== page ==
To add confusion, I wrote "I don't have any cat" and now it tells me I have to put "cats"!
Doesn't Katze mean cat though? So why would they tell us to put cats? Katzen is cats. Katze is cat. I know it's bad grammar but it's what Duo tells us it means.
How do you know whether to use keine or nicht in a sentence or can you use either depending on how you want to say it?
Not a native speaker but a thumb-rule is that 'kein' is (generally) used with a noun.
Eg: With noun:
Sie haben keine Haustiere. (They have no pets)
Ich habe keine Zeit. (I have no time)
Das Baby isst nicht. (The baby is not eating)
Es ist nicht möglich. (It is not possible)
But when you are using the noun form for the same sentence, it becomes: Es hat keine Möglichkeit. (It has no possibility)
What I did in this sentence was to think of it like "Ich habe eine katze" and add the k to make it negative. "Ich habe keine Katze". To choose between keine and kein I remembered that Katze is female, hence keine. Not a native english speaker or a native german speaker, so a) I could be wrong with my method, and b) I apologize for any grammatical error.
Nicht is an adverb and is the german equivalent to the english 'not'. Adverbs like nicht are used to describe adjectives, verbs and other adverbs Kein is kind of like an article or adjective and, unlike german adverbs, does change with gender (masculine, feminine and neuter), case (Nominative, Dative, Accusative) and number (singular and plural)
I don't undestand why, then I translate in English, sometimes, I can add the plural after "any" (I don' have any cats) and sometimes I can add only the singular, of the opposite.
Rule of thumb:
Plural with countables and singular with uncountables.
I have no cats. I have no dogs. I have no houses. I do not have any houses. (Dog, cat , house are countable nouns.)
But, I have no rice. I have no sugar. I have no water. I do not have any water. (Rice sugar, water are uncountable nouns.)
Both are reasonable sentences.
Ich habe keine Katze assumes that if you had a cat, you would have just one, but you don't have even one, you have none at all.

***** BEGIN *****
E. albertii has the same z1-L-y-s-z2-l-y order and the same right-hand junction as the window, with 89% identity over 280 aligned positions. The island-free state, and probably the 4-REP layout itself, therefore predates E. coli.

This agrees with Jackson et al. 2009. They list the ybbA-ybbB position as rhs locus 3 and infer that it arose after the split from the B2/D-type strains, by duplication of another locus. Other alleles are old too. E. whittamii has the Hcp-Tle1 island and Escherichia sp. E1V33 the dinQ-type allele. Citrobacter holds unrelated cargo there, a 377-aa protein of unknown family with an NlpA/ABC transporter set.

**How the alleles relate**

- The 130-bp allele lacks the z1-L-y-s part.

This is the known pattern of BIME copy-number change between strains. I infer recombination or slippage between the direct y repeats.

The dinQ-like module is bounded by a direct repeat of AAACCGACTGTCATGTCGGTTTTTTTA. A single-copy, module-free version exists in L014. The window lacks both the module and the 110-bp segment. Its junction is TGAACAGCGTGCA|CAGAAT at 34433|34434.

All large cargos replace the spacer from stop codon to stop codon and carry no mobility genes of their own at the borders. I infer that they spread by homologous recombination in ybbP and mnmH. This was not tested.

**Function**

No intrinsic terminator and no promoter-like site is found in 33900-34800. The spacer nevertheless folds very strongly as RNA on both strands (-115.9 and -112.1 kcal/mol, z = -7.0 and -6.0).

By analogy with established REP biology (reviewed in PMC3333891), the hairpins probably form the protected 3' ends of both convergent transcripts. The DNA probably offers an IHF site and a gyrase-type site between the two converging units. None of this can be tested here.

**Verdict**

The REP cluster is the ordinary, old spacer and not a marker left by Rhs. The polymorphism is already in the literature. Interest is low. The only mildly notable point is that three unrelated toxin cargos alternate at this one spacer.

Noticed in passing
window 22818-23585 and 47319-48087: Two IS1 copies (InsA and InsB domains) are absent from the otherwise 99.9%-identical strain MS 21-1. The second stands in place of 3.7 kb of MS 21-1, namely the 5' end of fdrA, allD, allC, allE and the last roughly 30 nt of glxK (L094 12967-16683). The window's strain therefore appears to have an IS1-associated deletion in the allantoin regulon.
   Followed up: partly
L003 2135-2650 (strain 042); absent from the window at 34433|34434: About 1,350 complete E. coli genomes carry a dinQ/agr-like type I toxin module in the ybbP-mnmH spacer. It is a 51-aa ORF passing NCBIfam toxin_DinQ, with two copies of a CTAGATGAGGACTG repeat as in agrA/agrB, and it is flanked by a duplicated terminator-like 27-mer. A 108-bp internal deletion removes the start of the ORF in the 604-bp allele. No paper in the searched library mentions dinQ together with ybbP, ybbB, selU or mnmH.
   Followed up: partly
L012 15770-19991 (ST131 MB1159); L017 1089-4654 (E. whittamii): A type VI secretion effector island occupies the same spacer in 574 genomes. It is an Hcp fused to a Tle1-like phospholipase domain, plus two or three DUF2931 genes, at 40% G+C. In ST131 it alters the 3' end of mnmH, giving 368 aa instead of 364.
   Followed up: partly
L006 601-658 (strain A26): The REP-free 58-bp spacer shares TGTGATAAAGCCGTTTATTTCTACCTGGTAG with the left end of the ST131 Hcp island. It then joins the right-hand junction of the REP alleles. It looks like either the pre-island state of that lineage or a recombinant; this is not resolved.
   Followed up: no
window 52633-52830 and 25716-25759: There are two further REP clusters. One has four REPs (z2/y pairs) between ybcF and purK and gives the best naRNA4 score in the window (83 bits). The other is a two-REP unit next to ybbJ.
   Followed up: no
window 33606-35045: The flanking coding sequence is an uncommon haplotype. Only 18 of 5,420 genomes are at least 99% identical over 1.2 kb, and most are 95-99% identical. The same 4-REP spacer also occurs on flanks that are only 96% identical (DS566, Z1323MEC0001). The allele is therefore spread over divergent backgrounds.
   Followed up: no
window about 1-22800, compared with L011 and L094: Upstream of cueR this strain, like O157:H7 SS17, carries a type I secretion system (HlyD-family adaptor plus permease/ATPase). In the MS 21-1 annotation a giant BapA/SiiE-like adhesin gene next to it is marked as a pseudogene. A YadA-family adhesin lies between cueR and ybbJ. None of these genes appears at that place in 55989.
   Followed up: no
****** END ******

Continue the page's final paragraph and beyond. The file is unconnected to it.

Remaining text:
Ich habe keine Katzen assumes that if you had cats, you would have at least one, but you don't have any at all.
Much as in English: "I don't have a cat" versus "I don't have any cats" -- both are possible but start from different underlying assumptions about how many cats you would have if you had any.
I wrote ‘‘i don't have cat ’’ and said i am wrong and have to write ‘‘a cat ’’ but there is no ‘’eine‘’!!!!
Yes there is: Ich habe kEINE Katze.
keine is more or a less a negative version of eine, or you could think of it as a combination of nicht + eine.
I wrote "I do not have cat" , because there's only Katze in the question which is singular...whereas Katzen is plural...its confusing!
The noun "cat" is countable, so in the singular it has to be accompanied by a determiner such as "a, my, the, this, no" etc.
So "I do not have cat" is not possible -- it has to be "I do not have a cat" or "I have no cat".
Similarly, incidentally, in German, where Ich habe nicht Katze / Ich habe Katze nicht is not possible and it has to be Ich habe keine Katze. (keine counts as a negative determiner, basically the negative version of eine.)
Could someone please explain the difference between "nicht" and "kein".
You can often think of keine as a combination of nicht eine.
So just as in English you cannot say "I do not have cat" but have to say "I do not have a cat" with both "not" and "a", so in German you need Ich habe keine Katze with keine which is sort of a combination of both nicht and eine.
If there is already a determiner, e.g. the definite article, then you just need nicht, e.g. ich habe den Apfel nicht "I don't have the apple" (i.e. a specific apple that you had been talking about before) or ich habe dein Buch nicht "I don't have your book".
However, with mass nouns German usually uses kein as well, so where English can have both "I do not have water" and "I do not have any water", German pretty much has to use Ich habe kein Wasser (the equivalent of "not any" rather than simply "not").